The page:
Difference between revisions of "Password Settings Objects"

m (Overview)
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'''Added in Samba version:''' 4.9
 
'''Added in Samba version:''' 4.9
  
Password Settings Objects (PSOs) are an AD feature that's also known as Fine-Grained Password Policies (FGPP). In AD, the password settings for users control:
+
Password Settings Objects (PSOs) are an AD feature that's also known as Fine-Grained Password Policies (FGPP). In AD, the password settings control:
 
* Minimum password length and complexity requirements when a user changes their password.
 
* Minimum password length and complexity requirements when a user changes their password.
 
* Password history length: prevents a user from re-using a previous password again.
 
* Password history length: prevents a user from re-using a previous password again.

Revision as of 21:33, 13 September 2018

Overview

Added in Samba version: 4.9

Password Settings Objects (PSOs) are an AD feature that's also known as Fine-Grained Password Policies (FGPP). In AD, the password settings control:

  • Minimum password length and complexity requirements when a user changes their password.
  • Password history length: prevents a user from re-using a previous password again.
  • Minimum and maximum password age: how frequently the user can/must change their password.
  • Account lockout: the threshold of unsuccessful login attempts before locking a user out of their account, and the duration they're locked out for.

Prior to supporting PSOs, Samba Administrators could only configure password settings for all users in the domain. E.g. if you wanted system admins to have longer, more-secure passwords, then every user had to conform to the same password requirements.

PSOs allow AD administrators to override the domain password policy settings for specific users, or groups of users. For example, PSOs can force certain users to have longer password lengths, or relax the complexity constraints for other users, and so on. PSOs can be applied to groups or to individual users.

How to configure it

PSOs can be configured and applied to users/groups using the samba-tool domain passwordsettings pso set of commands. Refer to samba-tool domain passwordsettings pso --help for more detail. The PSO commands:

  • Manage the PSOs themselves, i.e. configure the password settings using 'create' or 'set' sub-commands. There's also 'delete', 'list', and 'show' commands.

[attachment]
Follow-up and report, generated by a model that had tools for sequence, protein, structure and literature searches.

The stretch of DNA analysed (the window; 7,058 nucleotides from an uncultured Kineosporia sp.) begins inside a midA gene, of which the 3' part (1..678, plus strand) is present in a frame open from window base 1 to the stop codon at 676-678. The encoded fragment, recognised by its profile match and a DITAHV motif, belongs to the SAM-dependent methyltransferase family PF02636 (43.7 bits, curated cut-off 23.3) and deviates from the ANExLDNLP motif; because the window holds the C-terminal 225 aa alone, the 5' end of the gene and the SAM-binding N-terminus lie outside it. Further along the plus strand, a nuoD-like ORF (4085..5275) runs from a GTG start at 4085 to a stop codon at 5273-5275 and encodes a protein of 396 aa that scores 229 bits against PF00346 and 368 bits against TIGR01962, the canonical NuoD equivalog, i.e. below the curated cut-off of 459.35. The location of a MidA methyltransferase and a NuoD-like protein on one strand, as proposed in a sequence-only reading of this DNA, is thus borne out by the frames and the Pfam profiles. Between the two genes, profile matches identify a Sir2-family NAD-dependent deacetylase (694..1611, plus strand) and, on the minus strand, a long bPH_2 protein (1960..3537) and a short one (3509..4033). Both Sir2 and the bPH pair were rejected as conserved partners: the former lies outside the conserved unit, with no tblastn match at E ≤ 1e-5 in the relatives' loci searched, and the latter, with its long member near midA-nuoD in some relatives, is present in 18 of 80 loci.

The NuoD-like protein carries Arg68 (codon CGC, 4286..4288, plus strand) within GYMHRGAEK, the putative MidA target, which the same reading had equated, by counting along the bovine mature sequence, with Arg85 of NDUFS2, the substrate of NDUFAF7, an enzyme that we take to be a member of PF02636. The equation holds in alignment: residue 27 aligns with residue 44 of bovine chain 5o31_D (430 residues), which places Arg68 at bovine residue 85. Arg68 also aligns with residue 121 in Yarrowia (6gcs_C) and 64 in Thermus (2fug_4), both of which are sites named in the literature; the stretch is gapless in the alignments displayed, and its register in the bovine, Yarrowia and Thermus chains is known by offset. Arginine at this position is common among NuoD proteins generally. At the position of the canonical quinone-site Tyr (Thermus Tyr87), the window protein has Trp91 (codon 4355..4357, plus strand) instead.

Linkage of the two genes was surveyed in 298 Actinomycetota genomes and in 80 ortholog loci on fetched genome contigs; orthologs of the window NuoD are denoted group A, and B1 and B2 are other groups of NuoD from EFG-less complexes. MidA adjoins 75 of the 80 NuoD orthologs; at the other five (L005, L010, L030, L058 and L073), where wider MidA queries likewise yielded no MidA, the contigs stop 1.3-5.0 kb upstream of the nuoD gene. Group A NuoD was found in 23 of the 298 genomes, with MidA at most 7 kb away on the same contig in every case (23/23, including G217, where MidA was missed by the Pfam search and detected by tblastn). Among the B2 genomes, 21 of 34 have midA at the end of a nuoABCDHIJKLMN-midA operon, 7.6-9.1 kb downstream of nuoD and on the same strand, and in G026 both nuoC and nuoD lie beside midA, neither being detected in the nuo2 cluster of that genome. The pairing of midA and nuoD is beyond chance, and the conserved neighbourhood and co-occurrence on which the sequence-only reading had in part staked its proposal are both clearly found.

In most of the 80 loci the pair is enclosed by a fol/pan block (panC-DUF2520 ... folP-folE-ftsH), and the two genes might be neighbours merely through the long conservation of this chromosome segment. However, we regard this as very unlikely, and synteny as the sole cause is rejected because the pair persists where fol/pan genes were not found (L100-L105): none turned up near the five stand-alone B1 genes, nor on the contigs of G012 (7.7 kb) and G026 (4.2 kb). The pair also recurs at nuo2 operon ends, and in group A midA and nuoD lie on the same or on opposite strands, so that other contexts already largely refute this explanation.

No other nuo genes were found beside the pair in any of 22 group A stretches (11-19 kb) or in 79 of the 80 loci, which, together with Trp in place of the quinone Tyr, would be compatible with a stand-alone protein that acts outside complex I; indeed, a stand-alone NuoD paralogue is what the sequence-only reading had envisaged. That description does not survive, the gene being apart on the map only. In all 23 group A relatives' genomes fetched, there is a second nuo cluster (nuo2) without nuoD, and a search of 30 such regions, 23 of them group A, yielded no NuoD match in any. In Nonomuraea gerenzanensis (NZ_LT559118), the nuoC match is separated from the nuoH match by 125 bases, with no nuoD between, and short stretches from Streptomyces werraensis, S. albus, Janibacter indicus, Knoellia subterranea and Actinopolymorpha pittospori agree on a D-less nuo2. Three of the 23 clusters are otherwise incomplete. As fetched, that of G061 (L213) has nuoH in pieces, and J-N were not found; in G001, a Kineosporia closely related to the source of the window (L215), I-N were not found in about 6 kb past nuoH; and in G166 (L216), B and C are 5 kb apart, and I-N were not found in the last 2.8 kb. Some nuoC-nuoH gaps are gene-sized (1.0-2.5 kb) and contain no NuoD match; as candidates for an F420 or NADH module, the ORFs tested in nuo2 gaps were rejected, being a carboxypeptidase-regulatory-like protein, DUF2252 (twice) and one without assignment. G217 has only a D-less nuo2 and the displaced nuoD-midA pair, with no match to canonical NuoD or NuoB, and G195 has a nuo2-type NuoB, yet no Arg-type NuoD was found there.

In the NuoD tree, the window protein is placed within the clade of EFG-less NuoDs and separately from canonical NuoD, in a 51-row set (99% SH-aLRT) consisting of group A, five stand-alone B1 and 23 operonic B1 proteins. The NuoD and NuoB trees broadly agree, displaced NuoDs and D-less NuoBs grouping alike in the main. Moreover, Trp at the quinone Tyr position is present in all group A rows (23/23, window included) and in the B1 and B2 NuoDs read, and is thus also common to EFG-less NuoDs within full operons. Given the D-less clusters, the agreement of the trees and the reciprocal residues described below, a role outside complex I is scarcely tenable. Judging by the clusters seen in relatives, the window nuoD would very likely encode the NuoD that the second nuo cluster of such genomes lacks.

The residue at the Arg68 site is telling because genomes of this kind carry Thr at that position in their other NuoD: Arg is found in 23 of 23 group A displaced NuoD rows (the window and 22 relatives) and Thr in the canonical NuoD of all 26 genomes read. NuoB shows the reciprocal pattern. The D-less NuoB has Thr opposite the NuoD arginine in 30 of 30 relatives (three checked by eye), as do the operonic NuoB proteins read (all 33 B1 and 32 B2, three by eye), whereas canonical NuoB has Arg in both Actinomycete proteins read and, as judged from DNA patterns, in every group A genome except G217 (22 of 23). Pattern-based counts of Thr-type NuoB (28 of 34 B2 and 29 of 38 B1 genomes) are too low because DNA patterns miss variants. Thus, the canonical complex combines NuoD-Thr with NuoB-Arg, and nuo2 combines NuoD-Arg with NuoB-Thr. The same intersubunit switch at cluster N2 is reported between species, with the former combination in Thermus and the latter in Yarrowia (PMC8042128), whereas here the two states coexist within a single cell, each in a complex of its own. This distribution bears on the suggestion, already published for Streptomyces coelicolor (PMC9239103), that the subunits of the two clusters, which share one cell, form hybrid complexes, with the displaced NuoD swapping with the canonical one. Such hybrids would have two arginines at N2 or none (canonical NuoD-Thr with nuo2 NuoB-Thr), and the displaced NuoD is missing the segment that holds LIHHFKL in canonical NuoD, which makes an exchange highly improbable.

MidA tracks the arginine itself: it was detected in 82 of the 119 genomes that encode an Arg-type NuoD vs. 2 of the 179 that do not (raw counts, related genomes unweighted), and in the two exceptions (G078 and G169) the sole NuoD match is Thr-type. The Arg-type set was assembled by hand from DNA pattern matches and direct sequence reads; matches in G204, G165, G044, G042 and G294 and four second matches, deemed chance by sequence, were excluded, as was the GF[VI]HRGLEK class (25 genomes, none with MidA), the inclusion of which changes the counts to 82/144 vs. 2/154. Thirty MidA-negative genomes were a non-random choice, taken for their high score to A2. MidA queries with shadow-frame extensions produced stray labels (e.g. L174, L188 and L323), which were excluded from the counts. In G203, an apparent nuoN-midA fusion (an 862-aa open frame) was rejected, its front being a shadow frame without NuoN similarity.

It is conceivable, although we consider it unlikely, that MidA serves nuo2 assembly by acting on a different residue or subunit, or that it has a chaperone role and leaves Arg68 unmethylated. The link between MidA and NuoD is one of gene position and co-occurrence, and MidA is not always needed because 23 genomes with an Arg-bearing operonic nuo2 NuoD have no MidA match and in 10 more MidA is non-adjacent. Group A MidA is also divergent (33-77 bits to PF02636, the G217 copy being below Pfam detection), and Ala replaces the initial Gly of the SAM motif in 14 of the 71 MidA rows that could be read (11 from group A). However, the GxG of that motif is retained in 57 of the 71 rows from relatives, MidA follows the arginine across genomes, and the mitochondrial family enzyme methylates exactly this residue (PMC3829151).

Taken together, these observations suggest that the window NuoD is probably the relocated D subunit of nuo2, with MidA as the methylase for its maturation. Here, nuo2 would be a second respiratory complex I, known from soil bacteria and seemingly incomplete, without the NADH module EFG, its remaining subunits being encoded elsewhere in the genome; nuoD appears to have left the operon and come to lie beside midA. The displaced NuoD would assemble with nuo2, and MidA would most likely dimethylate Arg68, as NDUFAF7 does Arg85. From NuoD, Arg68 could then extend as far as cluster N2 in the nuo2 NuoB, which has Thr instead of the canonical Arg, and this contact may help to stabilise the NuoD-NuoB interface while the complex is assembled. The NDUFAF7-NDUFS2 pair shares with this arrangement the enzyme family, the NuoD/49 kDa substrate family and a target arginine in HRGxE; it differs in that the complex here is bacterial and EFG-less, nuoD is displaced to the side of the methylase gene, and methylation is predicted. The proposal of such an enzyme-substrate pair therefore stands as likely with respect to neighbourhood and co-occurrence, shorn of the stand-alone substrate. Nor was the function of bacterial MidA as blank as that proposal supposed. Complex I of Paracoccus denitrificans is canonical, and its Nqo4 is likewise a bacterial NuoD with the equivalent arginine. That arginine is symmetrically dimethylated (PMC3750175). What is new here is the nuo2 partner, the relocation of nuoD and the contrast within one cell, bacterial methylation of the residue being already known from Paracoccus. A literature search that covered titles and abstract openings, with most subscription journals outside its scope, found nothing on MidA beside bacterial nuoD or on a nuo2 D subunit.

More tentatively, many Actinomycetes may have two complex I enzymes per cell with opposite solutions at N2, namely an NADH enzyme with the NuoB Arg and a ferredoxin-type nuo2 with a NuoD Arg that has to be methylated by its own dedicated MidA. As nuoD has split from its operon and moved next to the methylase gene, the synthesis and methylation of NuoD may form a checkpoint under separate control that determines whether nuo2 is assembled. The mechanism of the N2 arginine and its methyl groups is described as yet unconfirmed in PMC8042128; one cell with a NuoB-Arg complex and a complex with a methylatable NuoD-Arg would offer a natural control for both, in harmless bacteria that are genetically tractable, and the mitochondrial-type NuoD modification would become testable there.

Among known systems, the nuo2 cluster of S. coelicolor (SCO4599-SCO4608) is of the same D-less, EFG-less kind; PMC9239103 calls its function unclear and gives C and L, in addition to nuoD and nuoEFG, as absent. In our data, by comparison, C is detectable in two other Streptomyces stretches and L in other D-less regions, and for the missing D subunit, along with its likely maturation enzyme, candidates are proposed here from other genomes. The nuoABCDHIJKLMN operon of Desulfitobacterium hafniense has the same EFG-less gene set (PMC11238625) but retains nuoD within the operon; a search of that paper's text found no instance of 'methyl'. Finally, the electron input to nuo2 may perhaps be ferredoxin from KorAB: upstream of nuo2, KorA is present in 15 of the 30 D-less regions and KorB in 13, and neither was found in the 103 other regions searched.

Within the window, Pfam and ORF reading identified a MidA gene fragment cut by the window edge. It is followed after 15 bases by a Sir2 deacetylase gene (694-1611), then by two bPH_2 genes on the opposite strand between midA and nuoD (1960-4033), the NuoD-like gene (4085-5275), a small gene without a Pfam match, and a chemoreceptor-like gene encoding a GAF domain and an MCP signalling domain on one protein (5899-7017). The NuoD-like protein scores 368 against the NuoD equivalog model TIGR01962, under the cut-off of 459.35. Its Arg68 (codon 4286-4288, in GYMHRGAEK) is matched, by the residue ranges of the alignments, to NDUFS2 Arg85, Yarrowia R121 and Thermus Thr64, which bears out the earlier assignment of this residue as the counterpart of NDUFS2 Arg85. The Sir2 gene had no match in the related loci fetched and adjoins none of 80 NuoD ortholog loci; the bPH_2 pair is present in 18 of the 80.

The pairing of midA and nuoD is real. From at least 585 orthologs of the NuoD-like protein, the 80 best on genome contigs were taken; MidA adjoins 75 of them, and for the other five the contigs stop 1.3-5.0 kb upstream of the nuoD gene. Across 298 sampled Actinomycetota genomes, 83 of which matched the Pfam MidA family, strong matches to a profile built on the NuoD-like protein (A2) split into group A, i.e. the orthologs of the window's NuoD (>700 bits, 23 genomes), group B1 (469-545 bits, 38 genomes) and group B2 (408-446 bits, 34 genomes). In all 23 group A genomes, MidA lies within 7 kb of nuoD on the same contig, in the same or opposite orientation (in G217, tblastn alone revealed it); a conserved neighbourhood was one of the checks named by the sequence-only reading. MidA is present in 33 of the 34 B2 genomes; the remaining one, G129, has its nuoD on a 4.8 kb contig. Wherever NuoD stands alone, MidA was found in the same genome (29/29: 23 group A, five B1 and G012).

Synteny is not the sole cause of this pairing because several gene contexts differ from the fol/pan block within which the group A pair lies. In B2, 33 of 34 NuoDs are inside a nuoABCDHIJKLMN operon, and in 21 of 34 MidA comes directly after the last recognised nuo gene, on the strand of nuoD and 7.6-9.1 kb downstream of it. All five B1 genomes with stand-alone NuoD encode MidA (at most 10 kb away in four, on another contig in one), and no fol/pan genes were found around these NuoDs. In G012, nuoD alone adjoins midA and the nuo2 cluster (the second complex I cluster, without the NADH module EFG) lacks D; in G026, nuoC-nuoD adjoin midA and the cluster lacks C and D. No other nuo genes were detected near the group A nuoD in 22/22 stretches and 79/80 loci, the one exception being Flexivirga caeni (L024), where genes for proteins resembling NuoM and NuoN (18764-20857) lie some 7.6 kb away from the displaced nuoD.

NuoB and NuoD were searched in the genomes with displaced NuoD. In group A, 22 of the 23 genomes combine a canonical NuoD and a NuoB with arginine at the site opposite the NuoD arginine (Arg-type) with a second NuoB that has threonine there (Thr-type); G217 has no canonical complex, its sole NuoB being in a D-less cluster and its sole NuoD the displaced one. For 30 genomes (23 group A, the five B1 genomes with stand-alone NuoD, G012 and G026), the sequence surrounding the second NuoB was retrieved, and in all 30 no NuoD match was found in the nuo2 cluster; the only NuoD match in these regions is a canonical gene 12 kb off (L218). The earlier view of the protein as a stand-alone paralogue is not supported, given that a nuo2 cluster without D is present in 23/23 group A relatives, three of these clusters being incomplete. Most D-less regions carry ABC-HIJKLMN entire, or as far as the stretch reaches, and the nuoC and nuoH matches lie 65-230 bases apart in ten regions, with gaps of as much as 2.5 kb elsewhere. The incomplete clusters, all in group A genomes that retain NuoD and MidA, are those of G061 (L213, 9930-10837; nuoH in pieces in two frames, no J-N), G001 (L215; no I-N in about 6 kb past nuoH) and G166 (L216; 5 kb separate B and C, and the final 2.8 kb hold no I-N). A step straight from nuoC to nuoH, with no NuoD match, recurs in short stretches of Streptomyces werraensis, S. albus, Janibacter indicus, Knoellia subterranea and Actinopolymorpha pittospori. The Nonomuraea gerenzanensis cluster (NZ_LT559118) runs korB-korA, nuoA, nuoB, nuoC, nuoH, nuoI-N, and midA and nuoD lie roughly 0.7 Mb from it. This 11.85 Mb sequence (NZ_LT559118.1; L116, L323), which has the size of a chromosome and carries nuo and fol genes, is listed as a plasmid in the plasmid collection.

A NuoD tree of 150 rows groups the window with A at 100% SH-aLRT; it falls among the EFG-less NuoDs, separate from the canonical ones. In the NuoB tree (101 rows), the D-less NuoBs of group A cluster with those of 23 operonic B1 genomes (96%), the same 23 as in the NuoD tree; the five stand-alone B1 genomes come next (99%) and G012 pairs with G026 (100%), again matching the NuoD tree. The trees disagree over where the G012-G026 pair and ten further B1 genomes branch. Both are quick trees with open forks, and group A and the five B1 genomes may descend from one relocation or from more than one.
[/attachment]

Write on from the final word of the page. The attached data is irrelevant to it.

• Control what PSO applies to a particular user. Use the 'apply' and 'unapply' to link a PSO to a particular group or user.

Many different PSOs can apply to the same user (either directly, or via groups). When multiple PSOs apply to the same user, essentially the PSO with the best precedence takes effect. However, PSOs that apply directly to a user always trump PSOs inherited via group membership. To see what PSO takes effect for a given user, use samba-tool domain passwordsettings pso show-user.

If no PSO applies to a user, then the domain password settings apply. You can view/modify these using samba-tool domain passwordsettings show|set.

For Developers

How to test it

The following tests the DSDB behaviour, i.e. it asserts that the msDS-ResultantPSO attriubute is both constructed and applied correctly.

make test TESTS=ldap.password_settings

The following tests the samba-tool commands that configure PSOs.

make test TESTS=samba_tool.passwordsettings

TODO: I just noticed the above inconsistency and I will change it so both tests use 'passwordsettings'.

Note that there are also blackbox.password_settings tests that are unrelated to PSOs.

Where the code is located

The main PSO behaviour is controlled using a constructed attribute: msDS-ResultantPSO. This gets generated for user objects and its value is the DN of the PSO that applies to that user. So the logic that determines the correct PSO that applies to a user lives in operational.c, where the constructed attributes get generated.

If you grep the codebase for 'msDS-ResultantPSO', you should find all the places that try to use it. Basically wherever the code checked a password-setting attribute (e.g. like lockOutObservationWindow), we have to check if a PSO applies to that user, and if so then use the PSO attribute (which has a different name, i.e. msDS-LockoutObservationWindow) instead. samdb_result_effective_badPwdCount() is a good example of this.

get_pso_data_callback() is also notable, as it overrides the dsdb_user_pwd_settings struct's values (i.e. the domain password-settings) with the PSO's values. This struct gets used (as part of struct dsdb_control_password_change_status) in the password-hash module, to check password change operations.

Reference Docs

  • MS-ADTS documents how the msDS-ResultantPSO is determined (section 3.1.1.4.5.36).
  • MS-SAMR documents how the msDS-ResultantPSO is used to determine the effective password setting that gets applied to a user, i.e. Effective-LockoutThreshold, Effective-MinimumPasswordLength, etc. This is documented in section 3.1.1.5 Password Settings Attributes for Originating Update Constraints, but these Effective-XYZ values get referenced in several other places throughout the document, e.g. when calculating userAccountControl.